Clay suggest that through “intermarriage, the Pontides are rapidly integrated into the Ouranid clan.”   The rapid part of intermarriage would consist of Poseidon taking Nereid mates to add legitimacy to his lordship over the sea.  In fact for all the talk of the Poseidon and Zeus competing for Thetis’s hand, none of the other deathless gods who lived upon Olympus chose a lover or a bride from this bevy of prophetic beauties.  In fact Thetis was married off to a second-rate mortal hero who lost a wrestling match to a girl.  Helios and Selene refused to attend, possibly as the most “skyish” of the Ouranides they most represent this racial bias against the children of Pontus.   

Water Gods on Mt Olympus 

Athena’s re-birth from Zeus head disguises the fact that she is the daughter of the water nymph Metis.  Athena put great effort in distancing herself from her watery ancestry going so far as to say she was totally for the father (Eumenides).    

 Hera was the foster daughter of Tethys (Iliad 14) and in turn she fostered Thetis (Iliad 24.59.  Hera was by adoption a water goddess. He calls Oceanus and Tethys      Hence her alliance with the vast non-symmetric sons and daughters of the Pontides. As a matter of face refers to Pontus’ nine-headed great-grandchild; “the evil-minded Hydra of Lerna, whom the goddess, white-armed Hera nourished.” 

Thus were they gathered within the house of Zeus; nor did the Shaker of Earth fail to heed the call of the goddess, but came forth from the sea to join their company; and he sate him in the midst” (Iliad 20.12) It seems odd to mention Poseidon’s arrival and not Hades who would have come further, unless there was a possibility of Poseidon, a sea-god, not coming.  There seems to be a really dislike for Poseidon, King of the Sea as witness how commonly he was rejected as a city patron; Athens as judged by the populace, the Argos as judged by the local rivers, Corinth to Helios as judged by Briareus and Trozezen as judged by Zeus.  (The Fates gave him the island of Cos.)  

 "Achilles addresses his mother Thetis ‘You only among the immortals beat aside a shameful destruction from Cronus' son Zeus the dark-misted that time when all the other Olympians sought to bind him, Hera and Poseidon and Pallas Athene.”  Homer, Iliad 1. 393 ff 

Interesting that the rebelling Olympians are a water-god and two Oceanides

Conclusion  

There was racism on Mt. Olympus.  It is clear from the battle lines in the Titanomachy, the lack of new honors presented to the water-gods at Mecone and Oceanus refusal to attend, the subsequent abuse of the river gods and maintenance of distance between the Olympians and the river-goddess Styx, the abhorrence of intermarriage with the Pontides and the racially drawn battle lines in the revolt on Mt. Olympus at the beginning of the Iliad.  Apparently racism has been around for a long time and sadly you know what they say, “As above, so below.” 

PS


Maya,  Brought up the notion that the sea gods are “colored”  So I did a little research on; sea-blue Doris[i] , sea-green Galatea,[ii] Proteus’ sea-blue beard,&the sea-blue the Naiad Cyrene, [iii]Proteus, of sea-green hue,[iv] the sea-blue throng of Nereides[v], and ye too, Nereides, sea-blue horde of ocean,[vi]  Glaucus…bronze-green beard and sea-blue arms,[vii]  Zeus’ sea-blue brother Poseidon,[viii]  the wave-blue water-nymph Liriope, [ix] Father Ismenos with a dark-blue beard, [x] Arethusa her green tresses drying[xi]  and the sky-blue Tiber[xii]    All the sources for the “colored” water gods are Roman, not Greek.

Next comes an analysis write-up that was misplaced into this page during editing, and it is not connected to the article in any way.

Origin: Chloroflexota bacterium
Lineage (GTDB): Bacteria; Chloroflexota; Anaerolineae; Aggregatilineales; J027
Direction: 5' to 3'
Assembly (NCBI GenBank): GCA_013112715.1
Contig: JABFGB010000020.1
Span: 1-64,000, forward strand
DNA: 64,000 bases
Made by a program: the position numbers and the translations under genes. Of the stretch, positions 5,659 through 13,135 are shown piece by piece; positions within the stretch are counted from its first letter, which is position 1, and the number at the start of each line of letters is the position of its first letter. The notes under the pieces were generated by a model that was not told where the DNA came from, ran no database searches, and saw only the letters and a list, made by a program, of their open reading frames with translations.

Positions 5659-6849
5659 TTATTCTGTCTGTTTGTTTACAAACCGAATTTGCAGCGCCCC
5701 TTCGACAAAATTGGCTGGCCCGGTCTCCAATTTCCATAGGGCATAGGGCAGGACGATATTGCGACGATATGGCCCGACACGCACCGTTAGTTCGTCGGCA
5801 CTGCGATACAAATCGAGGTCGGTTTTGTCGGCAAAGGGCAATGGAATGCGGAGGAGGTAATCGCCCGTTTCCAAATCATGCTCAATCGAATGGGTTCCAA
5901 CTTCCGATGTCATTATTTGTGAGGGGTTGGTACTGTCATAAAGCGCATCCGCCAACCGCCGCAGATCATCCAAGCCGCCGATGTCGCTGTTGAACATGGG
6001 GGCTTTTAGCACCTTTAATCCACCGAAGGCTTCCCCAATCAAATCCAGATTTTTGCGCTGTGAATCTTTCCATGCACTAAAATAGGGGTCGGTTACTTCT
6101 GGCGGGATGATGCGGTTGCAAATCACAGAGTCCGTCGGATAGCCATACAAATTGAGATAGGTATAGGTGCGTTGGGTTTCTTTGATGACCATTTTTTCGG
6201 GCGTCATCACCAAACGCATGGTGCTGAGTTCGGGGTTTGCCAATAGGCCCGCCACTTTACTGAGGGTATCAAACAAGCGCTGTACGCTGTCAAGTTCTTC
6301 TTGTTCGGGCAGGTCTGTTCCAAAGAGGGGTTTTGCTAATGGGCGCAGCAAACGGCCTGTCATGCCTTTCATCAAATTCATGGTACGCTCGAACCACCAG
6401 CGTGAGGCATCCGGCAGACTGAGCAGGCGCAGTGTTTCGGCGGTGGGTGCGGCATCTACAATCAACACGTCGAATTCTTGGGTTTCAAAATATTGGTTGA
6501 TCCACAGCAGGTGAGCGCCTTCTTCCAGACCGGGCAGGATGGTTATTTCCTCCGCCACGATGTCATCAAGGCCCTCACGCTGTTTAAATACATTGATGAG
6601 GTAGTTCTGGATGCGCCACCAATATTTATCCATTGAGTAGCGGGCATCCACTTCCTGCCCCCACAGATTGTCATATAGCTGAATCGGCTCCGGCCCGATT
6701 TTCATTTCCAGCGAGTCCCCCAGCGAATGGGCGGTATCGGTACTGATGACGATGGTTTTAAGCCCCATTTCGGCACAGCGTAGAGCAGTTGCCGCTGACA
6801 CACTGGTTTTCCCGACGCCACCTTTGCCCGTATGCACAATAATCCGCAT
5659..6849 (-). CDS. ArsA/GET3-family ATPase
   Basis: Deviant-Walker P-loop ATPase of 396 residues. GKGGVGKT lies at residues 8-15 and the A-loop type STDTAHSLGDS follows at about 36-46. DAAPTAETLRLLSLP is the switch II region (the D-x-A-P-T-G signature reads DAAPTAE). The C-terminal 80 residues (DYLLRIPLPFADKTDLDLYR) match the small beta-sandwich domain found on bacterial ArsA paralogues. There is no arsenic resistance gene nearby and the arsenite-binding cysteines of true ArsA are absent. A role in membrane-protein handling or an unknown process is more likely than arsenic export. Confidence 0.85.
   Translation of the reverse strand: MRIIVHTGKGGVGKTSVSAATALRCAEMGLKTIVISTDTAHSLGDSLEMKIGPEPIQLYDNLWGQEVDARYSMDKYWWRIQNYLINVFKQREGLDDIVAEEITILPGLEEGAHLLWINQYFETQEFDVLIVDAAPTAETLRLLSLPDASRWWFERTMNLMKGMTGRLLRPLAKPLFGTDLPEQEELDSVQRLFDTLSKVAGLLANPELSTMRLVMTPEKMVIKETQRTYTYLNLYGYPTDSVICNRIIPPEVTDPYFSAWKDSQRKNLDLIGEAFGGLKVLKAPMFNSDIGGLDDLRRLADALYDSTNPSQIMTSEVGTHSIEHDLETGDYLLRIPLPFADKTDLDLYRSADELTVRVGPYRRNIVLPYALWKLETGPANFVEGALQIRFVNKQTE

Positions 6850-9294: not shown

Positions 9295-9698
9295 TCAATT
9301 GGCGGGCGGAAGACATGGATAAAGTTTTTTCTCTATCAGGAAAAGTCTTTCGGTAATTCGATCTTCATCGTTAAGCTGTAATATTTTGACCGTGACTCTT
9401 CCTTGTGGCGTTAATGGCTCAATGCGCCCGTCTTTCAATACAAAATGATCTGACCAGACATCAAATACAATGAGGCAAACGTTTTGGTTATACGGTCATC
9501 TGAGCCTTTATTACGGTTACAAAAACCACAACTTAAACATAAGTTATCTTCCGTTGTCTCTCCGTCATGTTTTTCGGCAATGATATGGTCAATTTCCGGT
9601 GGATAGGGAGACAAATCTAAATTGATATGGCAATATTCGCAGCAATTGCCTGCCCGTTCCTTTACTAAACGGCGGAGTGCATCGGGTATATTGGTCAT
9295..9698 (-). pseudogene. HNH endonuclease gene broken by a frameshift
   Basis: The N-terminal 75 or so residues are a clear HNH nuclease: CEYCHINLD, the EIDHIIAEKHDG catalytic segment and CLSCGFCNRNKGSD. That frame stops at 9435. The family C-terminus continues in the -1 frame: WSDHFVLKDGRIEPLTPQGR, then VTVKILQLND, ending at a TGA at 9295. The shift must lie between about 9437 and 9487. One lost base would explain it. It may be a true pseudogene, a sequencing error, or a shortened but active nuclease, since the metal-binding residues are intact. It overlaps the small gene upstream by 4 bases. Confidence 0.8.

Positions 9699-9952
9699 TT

To Bed a Sea Monster

“Who would go to bed with a sea monster if he could help it?” Menelaus asks rhetorically at  Od 4:443.  Of course the immediate answer was; he did,  laying down with Proteus.  If in fact the Cronides have an abhorrence to sleeping with “sea monsters” that is Pontides, Oceanides and other water gods, it might explain “Maya’s Law”.  
"And Prometheus had a son Deucalion. He reigning in the regions about Phthia, married Pyrrha, the daughter of Epimetheus and Pandora . . . Deukalion had children by Pyrrha, first (a son) Hellen...Hellen had (sons) Dorus, Xuthus, and Aeolus by a nymph Orseis. Those who were called Greeks he named Hellenes after himself, and divided the country among his sons” Pseudo-Apollodorus, Bibliotheca 1. 7. 2 – 3 

Maya’s Law simple put states, “Zeus doesn’t like real women!”  By real women, Maya meant Greek women, descendants of Hellen.  These women being descended from a water nymph, it only make sense that Zeus would not mate with them.  Further analysis discovered that “Maya’s Law” more spefically meant that the Olympian male had a marked preference for Ionian and Barabarian women. Probably ones whose pure blood line were untainted by the ichor of Pontides, Oceanides or Posideon. 
 
 




[i] Ovid, Metamorphoses 13. 742
[ii] ." Statius, Silvae 2. 2. 14  "
[iii] Ovid, Fasti 1. 363 ff   
[iv] Virgil, Georgics 4. 387 ff    
[v] Seneca, Phaedra 335 ff :
[vi] Statius, Silvae 3. 2. 1 ff :
[vii] Ovid, Metamorphoses 13. 949  
[viii] Ovid, Metamorphoses 1. 275 & 332  
[ix] Ovid, Metamorphoses 3. 342 ff
[x] Statius, Thebaid 9. 404  
[xii] “ Aeneid 8





[i] Callimachus, Hymn 4 to Delos 75 ff (trans. Mair)